When Bryant College Professor Janet Morahan-Martin conducted her first study of Internet use two years ago, she found that one finding lingered in her mind most.
Of the about 300 Bryant students she surveyed, 18 percent of those whose use of the Web was deemed pathological said that most of their friends were online – people they had never met in person.
”I was really stunned that almost one out of five said that; it was a number that just stayed with me,” Morahan-Martin said. She is now preparing for another round of tests on the issue that has commonly become known as “Internet addiction.”
The first study, conducted with Bryant math professor Phyllis Schumacher, was revealing in and of itself. Morahan-Martin, a psychology professor, was looking to study how much time students spent online, their purpose for using it, how they communicated in cyberspace compared to their other forms of communications, and to what extent users of the Internet suffer from loneliness.
The lengthy survey had about 100 questions and took 20 minutes to complete. By looking at the reasons people used the Internet, Morahan-Martin was able to distinguish between the more casual users and those whose use was replacing real-life experience.
But determining when Internet use actually becomes a problem can be difficult, she admitted. Indeed, the issue as to whether overuse of the Internet is ever a problem is heatedly discussed among researchers, she said.
As for her own research, Morahan-Martin found that using the Web to form friendships can be both good and bad, depending on the person.
“I think it’s a mixed bag. They’re friendships without the demands of everyday friendships; there’s an artificiality about it,” she said. But she added: “It may be wonderful for them to find people who are just like them when they think they’re the only one who has (a given) problem.”
For people who are socially withdrawn, she said, the Internet seems to be the made-to-order medium. They can disguise themselves, role play, swap genders, and form a new identity for themselves. “For some people it allows (them) to work through issues and change themselves in a positive way – that’s the double-edged sword,” she said.
To some extent, Morahan-Martin agrees with critics who charge that people today are characterizing too many bad habits as “addictions.” To some extent, she agrees with people who say that using the Internet too much is no worse than reading too much or playing too much golf.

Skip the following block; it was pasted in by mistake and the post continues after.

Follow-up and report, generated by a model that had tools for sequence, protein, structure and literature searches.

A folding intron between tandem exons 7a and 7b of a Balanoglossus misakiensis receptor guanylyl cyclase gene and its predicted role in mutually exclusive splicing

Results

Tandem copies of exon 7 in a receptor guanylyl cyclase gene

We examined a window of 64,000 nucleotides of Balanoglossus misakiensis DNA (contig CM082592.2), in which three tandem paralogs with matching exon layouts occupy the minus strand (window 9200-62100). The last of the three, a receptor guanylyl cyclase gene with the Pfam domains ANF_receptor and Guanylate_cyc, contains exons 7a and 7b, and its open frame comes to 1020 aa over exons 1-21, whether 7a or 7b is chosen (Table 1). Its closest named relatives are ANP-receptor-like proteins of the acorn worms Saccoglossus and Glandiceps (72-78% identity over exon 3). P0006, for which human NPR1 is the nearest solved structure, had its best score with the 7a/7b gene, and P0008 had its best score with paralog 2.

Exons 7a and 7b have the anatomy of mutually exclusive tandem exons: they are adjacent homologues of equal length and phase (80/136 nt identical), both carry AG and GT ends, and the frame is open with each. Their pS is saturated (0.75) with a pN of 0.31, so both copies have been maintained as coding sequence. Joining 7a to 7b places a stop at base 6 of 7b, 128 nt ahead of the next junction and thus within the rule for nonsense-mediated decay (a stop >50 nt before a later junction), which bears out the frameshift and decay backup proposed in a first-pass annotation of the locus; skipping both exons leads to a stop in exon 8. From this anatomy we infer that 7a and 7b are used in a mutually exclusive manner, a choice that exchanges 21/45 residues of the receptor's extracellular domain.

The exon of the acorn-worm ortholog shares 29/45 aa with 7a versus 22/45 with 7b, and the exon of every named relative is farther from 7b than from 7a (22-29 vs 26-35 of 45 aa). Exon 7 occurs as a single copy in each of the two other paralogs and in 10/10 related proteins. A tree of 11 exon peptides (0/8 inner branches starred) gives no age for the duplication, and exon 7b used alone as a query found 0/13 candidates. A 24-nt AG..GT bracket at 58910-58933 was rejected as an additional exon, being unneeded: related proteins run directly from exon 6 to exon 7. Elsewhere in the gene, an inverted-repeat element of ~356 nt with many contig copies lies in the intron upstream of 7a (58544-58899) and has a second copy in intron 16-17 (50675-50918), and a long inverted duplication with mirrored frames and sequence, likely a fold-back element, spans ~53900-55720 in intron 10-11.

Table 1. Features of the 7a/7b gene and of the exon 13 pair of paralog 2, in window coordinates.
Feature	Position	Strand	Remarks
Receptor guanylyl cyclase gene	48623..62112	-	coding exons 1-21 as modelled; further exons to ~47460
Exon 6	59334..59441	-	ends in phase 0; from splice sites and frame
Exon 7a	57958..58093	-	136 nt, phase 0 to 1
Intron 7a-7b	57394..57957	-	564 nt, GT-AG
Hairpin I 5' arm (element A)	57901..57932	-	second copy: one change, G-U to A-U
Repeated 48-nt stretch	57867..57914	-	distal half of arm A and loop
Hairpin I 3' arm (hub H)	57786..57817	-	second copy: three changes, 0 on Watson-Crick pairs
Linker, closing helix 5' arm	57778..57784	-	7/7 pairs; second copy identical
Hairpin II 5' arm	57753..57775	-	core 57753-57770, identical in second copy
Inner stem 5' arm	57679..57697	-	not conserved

But she is quick to temper her remarks by saying that the dynamics of compulsive Internet use seem to be different from other bad traits. Generally, use of the Internet becomes a problem when it interferes with the rest of your life: If you have stopped going to meet friends, sleeping, or suffered other fatigue-related physical problems because of the Web, than there may be a problem, she said.
One of the problems with the knowledge about compulsive Internet use in general, she and other researchers said, is that many of the studies have been done online – which creates problems with the statistical samples – and most of the in-person surveys have been done at college campuses.
To do a credible study of the adult population, Morahan-Martin said, it would take a survey of 2,000 to 3,000 adults – which is very expensive. For now, since the issue is new, and because there seems to be paucity of funding sources for studies on Internet use, solid studies of adults do not exist.
She also added that no one has studied the time variable in which the symptoms of over-use persist. It may be possible that teenagers – especially boys, who she has found are particularly attracted to Internet games called Multi-User Domains – may go through a stage of heavy use that subsides over time.
Morahan-Martin said she hopes to conduct a second round of tests on Internet use this fall. She said this study will be different from her first survey in that she will concentrate more on the social anxiety and loneliness issues associated with Internet use.